Stark’s relationship with Candy, the Jade (a type of vampire) who for a long time was a companion and assistant to his father (which we discover near the end of Kill the Dead), is developing rather well. They are both monstrous in their own way, and are able to both keep each other in check (to a point) and also accept their less-than-human aspects. Nevertheless, Alice, Stark’s dead pre-Hell lover, is still very much on his mind, and intruding on his dreams. She is, after all, the reason he clawed his way back from Hell in the first place. In Aloha From Hell, we get a little more background on their relationship and her past, which may help him move on as the series goes forward (there are already a novella and fourth novel published, with the fifth, Kill City Blues, to be published in 2013).

Despite Mason Faim’s central role in Sandman Slim, we didn’t learn a huge amount about him in that first novel. Aloha From Hell remedies this oversight, and we are treated to a good deal more about Mason’s past, his family and also the Sub Rosa drug trade, which the Faims were intimately connected to. Apparently, they made their money from the drug trade, controlling lots of California’s illicit substance economy. The family moved to Burma for a short while, but was attacked and butchered by local Sub Rosa shamans, after which Mason (who witnessed the slaughter) went missing for a couple of years in the jungle. Aloha From Hell brings the Stark-Mason story to a violent, bloody and over-the-top conclusion, which should satisfy readers who have been looking forward to this moment.

Kadrey’s novel is once again filled with witty and snarky asides; social commentary, and also a grimy love-letter to Los Angeles, in its way. There was an amusing moment in particular, when Stark goes through his collection of trophies and souvenirs, which managed to tap into Buffy and education policy:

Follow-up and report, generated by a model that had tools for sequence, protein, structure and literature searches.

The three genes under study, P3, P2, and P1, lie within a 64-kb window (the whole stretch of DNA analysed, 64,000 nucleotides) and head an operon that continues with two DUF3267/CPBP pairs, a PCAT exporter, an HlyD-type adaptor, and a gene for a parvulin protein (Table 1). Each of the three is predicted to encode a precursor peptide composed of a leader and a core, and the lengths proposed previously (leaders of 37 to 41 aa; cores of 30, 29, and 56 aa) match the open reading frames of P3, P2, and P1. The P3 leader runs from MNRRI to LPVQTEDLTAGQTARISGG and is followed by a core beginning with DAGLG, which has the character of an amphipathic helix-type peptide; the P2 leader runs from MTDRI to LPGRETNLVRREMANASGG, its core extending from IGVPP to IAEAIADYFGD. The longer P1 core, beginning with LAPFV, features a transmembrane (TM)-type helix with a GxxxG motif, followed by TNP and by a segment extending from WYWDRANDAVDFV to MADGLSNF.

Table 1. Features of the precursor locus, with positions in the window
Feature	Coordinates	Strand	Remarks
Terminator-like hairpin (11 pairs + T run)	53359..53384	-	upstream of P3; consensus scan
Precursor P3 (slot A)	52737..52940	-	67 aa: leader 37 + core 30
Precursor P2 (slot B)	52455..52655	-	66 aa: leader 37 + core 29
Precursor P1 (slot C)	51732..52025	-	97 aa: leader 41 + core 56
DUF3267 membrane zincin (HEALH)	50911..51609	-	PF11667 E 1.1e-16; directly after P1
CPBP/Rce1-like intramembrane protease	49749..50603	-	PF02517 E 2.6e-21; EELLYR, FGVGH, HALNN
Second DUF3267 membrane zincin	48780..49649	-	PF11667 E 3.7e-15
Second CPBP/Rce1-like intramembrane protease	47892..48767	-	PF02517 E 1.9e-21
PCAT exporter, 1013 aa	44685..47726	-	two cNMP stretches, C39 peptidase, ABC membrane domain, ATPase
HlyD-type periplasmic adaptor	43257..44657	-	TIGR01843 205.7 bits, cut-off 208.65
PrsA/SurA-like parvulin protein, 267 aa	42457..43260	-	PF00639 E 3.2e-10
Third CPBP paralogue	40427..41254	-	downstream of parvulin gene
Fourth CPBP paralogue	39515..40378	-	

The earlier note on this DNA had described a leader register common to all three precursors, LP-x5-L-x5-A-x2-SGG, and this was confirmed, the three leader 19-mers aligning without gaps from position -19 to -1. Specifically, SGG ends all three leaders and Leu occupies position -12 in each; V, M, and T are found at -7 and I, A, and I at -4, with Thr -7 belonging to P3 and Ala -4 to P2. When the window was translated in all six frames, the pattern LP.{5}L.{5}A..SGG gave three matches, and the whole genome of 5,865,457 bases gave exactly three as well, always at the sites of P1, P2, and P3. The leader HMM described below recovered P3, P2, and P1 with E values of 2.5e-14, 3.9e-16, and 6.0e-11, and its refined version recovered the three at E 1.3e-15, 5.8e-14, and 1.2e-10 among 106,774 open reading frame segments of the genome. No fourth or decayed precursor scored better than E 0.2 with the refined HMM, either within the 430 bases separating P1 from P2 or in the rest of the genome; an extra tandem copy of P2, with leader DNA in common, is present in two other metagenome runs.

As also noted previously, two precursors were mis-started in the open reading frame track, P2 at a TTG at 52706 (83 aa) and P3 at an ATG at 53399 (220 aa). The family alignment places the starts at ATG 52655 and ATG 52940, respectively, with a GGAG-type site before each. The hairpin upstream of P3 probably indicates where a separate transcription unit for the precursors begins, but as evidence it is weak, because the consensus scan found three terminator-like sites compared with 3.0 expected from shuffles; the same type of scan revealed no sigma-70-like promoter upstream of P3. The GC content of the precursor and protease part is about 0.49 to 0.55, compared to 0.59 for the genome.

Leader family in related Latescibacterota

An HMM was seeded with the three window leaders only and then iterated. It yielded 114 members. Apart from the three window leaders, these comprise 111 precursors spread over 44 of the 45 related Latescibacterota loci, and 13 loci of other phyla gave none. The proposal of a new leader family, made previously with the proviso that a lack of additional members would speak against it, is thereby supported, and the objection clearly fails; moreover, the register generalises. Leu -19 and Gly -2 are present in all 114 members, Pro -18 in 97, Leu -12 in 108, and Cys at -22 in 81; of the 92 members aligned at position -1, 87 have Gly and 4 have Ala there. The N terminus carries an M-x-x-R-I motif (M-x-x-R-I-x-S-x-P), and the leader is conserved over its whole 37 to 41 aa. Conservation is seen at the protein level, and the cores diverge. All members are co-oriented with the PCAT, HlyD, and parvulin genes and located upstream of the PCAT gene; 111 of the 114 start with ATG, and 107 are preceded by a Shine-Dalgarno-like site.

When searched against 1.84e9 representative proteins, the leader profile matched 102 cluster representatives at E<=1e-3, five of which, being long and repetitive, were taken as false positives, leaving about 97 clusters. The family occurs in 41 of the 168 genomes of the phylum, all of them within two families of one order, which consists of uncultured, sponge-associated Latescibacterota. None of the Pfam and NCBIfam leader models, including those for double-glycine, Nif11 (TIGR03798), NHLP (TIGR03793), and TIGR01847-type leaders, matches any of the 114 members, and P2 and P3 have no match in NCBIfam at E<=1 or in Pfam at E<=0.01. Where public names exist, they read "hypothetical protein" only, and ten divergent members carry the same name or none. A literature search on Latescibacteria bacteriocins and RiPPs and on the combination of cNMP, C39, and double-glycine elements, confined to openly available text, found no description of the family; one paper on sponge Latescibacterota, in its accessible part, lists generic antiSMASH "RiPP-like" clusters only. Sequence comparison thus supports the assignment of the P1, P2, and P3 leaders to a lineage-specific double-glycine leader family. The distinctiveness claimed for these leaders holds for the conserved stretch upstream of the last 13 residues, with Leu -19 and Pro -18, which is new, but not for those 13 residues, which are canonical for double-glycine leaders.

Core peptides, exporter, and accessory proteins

“My favorite is a silver stake made by a wannabe high school vampire slayer. She made it by sharpening a flat-head screwdriver and dipping it in a pot of melted dimes. The perfect weapon against shroud eaters. Only the little idiot didn’t know that modern dimes are mostly copper covered in nickel. All she did was ruin a perfectly good screwdriver and prove the L.A. schools truly suck.”

As the title suggests, the story eventually moves to Hell. And here the story lost a bit of steam. Kadrey’s brilliant, twisted imagination is still on full display, and the Hell he evokes is suitably… uh, hellish. It’s brutal, twisty, filled with hazards, and at the moment has gone completely bonkers as the Hellion factions try to decide whose side they are on, what’s actually going on, and how to proceed with their upcoming war with Heaven. Despite this madness of events, however, the novel’s pace dropped a bit. I think Kadrey perhaps allowed himself a little more self-indulgence than usual. It seems he really wanted to inform the reader just how fucked up Hell has become. Not strictly speaking a bad thing, but it was noticeably not as tight as the first half of the novel.

Overall, this is a very strong novel. We’re getting more character development, more world-building, and plenty of visceral, exhilarating story. Kadrey’s prose will still pull you through the story, working their literary hooks into your mind and blackened soul. It’s visceral, bloody, and in-your-face. It’s great fun. And I really enjoyed how he’s used supernatural elements and reimagined a few of them.

I will happily and eagerly read every book Kadrey publishes in this series. I also hope to catch up on some of his other works (first up will be Butcher Bird).